A Sordid Subterranean Story: That Dusky Hospital on De Villiers St Story (Part 2)

In a letter dated August 11, 1927 to Governor  Martin, T.T. Wentworth, Exalted Cyclops of the Pensacola chapter of the KKK wrote the following:

“…Some weeks ago I referred to you a case in which a young lady have been outraged by a son of a wealthy Doctor. This young lady was found dead, no inquest held and by shrewd maneuvering it was smoothed over.

Last week another similar case came to light the coroner was call and as been his usual custom he passed it over with a verdict that was absolutely misleading. He and those that were in on the case may have thought that it was settled, and so far as the coroner was concerned it was settled. The people outraged rose and demanded ACTION, and action was the only thing that would satisfy them.

An investigation was held the results you have read in the paper[s]. The people of Pensacola are not thoroughly satisfied as yet. The actions of the coroner have not been open and above board. He is the target for keen and  severe criticism.

I have use my influence to still the trouble waters and have quietly but effectively keep any drastic outbreaks among the people and I have been plain with a few of them and told them That my friends and myself would not tolerate any drastic outbreak on the public if possible to prevent.

It seemed that some were agitating to move to lynch some one. This move never went over. I was fully determined the see that piece was kept if any such action was to manifest.  In a time of  public excitement some try and use this method of doing away with important witnesses I am almost prone to believe.

There are other case[s] in which no inquest were held that on the surface looked bad. Even many Catholic people of which faith the coroner is a devout member are openly criticizing him.

I feel that a through investigation should be made of this office and if justifiable the coroner should be put out and a MAN put into the place.

We have an organization here that is complete, powerful, active and on the job. Not making any noise but working quietly, secretly and effectively. I have had seven years active experience in the work and know what I am doing and am entering on my third year as chief officer and want to say now and if you need any work here on anything for the furtherance of our ideals call on us.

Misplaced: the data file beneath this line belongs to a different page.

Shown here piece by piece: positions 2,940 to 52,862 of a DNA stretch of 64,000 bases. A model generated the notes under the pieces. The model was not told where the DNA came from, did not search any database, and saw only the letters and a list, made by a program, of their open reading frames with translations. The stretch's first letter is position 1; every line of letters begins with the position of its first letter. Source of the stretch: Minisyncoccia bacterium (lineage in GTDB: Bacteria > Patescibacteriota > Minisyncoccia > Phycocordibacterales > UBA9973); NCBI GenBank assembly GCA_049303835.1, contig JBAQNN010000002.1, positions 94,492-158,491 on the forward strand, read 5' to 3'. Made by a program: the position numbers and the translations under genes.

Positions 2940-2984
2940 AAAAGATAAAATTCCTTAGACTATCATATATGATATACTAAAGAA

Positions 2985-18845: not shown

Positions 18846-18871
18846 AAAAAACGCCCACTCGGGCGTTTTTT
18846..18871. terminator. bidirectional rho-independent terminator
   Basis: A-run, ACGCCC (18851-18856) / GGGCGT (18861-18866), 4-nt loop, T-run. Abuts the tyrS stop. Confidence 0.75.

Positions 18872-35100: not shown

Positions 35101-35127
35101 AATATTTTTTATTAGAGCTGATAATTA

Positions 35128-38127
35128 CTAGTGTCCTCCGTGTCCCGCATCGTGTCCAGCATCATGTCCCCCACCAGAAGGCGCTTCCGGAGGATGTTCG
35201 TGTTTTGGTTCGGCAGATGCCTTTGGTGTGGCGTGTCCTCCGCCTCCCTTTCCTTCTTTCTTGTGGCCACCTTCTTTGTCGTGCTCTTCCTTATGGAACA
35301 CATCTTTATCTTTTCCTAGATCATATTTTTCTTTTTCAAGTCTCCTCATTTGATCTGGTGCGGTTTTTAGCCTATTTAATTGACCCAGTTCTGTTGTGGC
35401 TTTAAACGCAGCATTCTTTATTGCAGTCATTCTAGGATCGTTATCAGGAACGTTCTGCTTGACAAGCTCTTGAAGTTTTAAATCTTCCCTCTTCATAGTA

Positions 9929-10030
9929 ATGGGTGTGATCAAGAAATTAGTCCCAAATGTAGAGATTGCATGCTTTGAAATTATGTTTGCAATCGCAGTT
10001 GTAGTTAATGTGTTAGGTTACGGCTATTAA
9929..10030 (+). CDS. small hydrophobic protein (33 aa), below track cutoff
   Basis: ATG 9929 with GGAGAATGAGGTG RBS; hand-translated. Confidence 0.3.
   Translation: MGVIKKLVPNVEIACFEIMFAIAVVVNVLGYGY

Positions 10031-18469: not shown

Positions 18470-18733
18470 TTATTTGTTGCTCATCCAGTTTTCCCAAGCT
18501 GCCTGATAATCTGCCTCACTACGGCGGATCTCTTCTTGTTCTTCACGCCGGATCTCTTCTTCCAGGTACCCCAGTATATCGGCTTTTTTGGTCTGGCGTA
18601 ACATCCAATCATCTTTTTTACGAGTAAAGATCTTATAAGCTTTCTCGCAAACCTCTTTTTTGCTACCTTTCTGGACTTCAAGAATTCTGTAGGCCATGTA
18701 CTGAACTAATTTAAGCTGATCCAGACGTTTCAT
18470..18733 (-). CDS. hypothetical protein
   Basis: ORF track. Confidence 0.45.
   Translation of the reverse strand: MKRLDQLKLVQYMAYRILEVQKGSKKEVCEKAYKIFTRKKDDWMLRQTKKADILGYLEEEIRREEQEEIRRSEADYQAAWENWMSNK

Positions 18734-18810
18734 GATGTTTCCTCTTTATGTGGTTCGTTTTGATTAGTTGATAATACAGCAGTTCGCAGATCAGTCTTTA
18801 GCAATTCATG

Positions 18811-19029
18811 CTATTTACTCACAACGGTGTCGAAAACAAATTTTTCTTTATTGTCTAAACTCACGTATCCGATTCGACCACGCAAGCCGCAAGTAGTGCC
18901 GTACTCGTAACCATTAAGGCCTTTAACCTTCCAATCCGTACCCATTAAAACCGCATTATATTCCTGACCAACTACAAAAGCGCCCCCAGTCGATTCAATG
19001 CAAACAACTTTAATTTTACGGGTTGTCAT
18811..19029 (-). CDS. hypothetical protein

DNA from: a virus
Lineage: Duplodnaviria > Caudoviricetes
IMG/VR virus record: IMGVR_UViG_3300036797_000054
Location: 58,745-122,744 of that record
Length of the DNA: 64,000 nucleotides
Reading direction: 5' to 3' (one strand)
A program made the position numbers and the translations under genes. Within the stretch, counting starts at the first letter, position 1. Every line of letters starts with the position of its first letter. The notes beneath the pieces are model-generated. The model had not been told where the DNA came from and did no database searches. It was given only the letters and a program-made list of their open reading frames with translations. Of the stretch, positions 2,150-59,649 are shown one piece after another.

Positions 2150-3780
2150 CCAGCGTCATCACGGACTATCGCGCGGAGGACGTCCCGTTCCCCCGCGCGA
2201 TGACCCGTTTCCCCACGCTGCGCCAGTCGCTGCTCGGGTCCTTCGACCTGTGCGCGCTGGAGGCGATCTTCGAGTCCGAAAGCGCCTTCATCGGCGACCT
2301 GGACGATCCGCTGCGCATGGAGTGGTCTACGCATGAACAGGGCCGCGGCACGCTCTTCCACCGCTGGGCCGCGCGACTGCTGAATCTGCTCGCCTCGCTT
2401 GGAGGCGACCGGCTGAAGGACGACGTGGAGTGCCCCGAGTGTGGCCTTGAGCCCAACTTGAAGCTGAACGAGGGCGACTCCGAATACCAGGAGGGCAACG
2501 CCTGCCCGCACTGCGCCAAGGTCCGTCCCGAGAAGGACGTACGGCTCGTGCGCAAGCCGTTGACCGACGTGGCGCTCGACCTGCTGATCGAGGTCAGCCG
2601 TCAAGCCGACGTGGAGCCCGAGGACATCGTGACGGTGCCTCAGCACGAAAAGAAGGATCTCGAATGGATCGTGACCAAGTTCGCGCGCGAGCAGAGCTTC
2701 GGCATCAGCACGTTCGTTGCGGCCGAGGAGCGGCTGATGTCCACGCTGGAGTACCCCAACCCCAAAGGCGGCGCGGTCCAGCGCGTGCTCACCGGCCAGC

Assuring you that any suggestions coming from us will be right and if I can be of any service just call on me as I am use to Serving and Sacrificing for the Right. With kindness personal regards and best wishes, I am,

Sincerely yours,

T.T. Wentworth.
https://uwf.digital.flvc.org/islandora/object/uwf%3A60495 (page opens in a new tab)

On August 8, 1927 the Pensacola News Journal Column headline read: GOVERNOR NOT PUSHING PROBE OF CASE HERE  Friedrichsen’s Case to Be Left to County Officials.  In that column, the governor wrote:  “I have explicit confidence in the public officials of Escambia county,  my office we’ll take no part in the prosecution of the five defendants arrested in connection with a death of Miss Dorothy Friedrichsen

On 11 August 1927, page one of the Pensacola News Journal, the following column headline read:  Tart, Two Negro Physicians and Negress Are Held.
Charges of Manslaughter are Preferred Against Quartet – Jury Completes Inquest After Hearing Eleven Witnesses – Tart Identified
Tart Pointed Out by Witness as Man Who Was at Hospital on Day Miss Friederichsen Died —Bond of  $2,500 ($44,112.93 in 2023 dollars) required for Each of Principals

“Four persons yesterday we’re ordered held for county court as the climax to two days of testimony in the corner’s inquest into the death of Miss Dorothy Friedrichsen, 27, member of a well-known Pensacola family at Viola Edwards hospital on North Devillier street, last Friday at 3:30 PM.  But defendants are E. E. Tart, White; A. S. McGee and E.C. Moon, negro physicians, and Viola Edwards, negress operator of the hospital.”

“The negro Dr. Aarons, who testify Tuesday that he saw a white man at the hospital when he was called in connection with the white patient was unable to positively identify tart what are you faced hitting the classroom yesterday.  Aarons had testify that the man was up a medium bill but that he did not closely notice him all that occasion at the viola Edwards hospital when he refused to take the case of The white patient for a Thousand dollars as I believe it’ll be of criminal nature.”

I am absolutely positive that Dr. Aaron could have identified Tart in the hallway of the Viola Edwards hospital in a court of Law.  After all why would a warrant for Tart’s arrest have been issued if he had not been positively identified during the Coroner’s inquest. For a Black man to testify against a white man in a court of law during the Jim Crow era would most certainly have been a death sentence.  The KKK was very active in the Pensacola area.

“The case against the three negroes and Tart was worked up by Chief of Police O’Connell, Sheriff Penton and Coroner Nee who devoted their undivided attention to the investigation Sunday, Monday and Monday night, thus resulting bringing together to testify before the jury who knew anything about this case.”

On Thursday the 22nd of September 1927 Viola Edwards, a negro nurse and E.E. Tart a local businessman  went to trial on the manslaughter charge in connection with Dorothy Friedrichsen’s death in the Viola Hospital on 15 August.  The jury was draw from a venire of 36 men.  J. Walter Kehoe, a Miami attorney, defended E E. Tart, whereas Viola Edwards’ lawyer was J. Montros.

Continue onto part 3
Return to part 1

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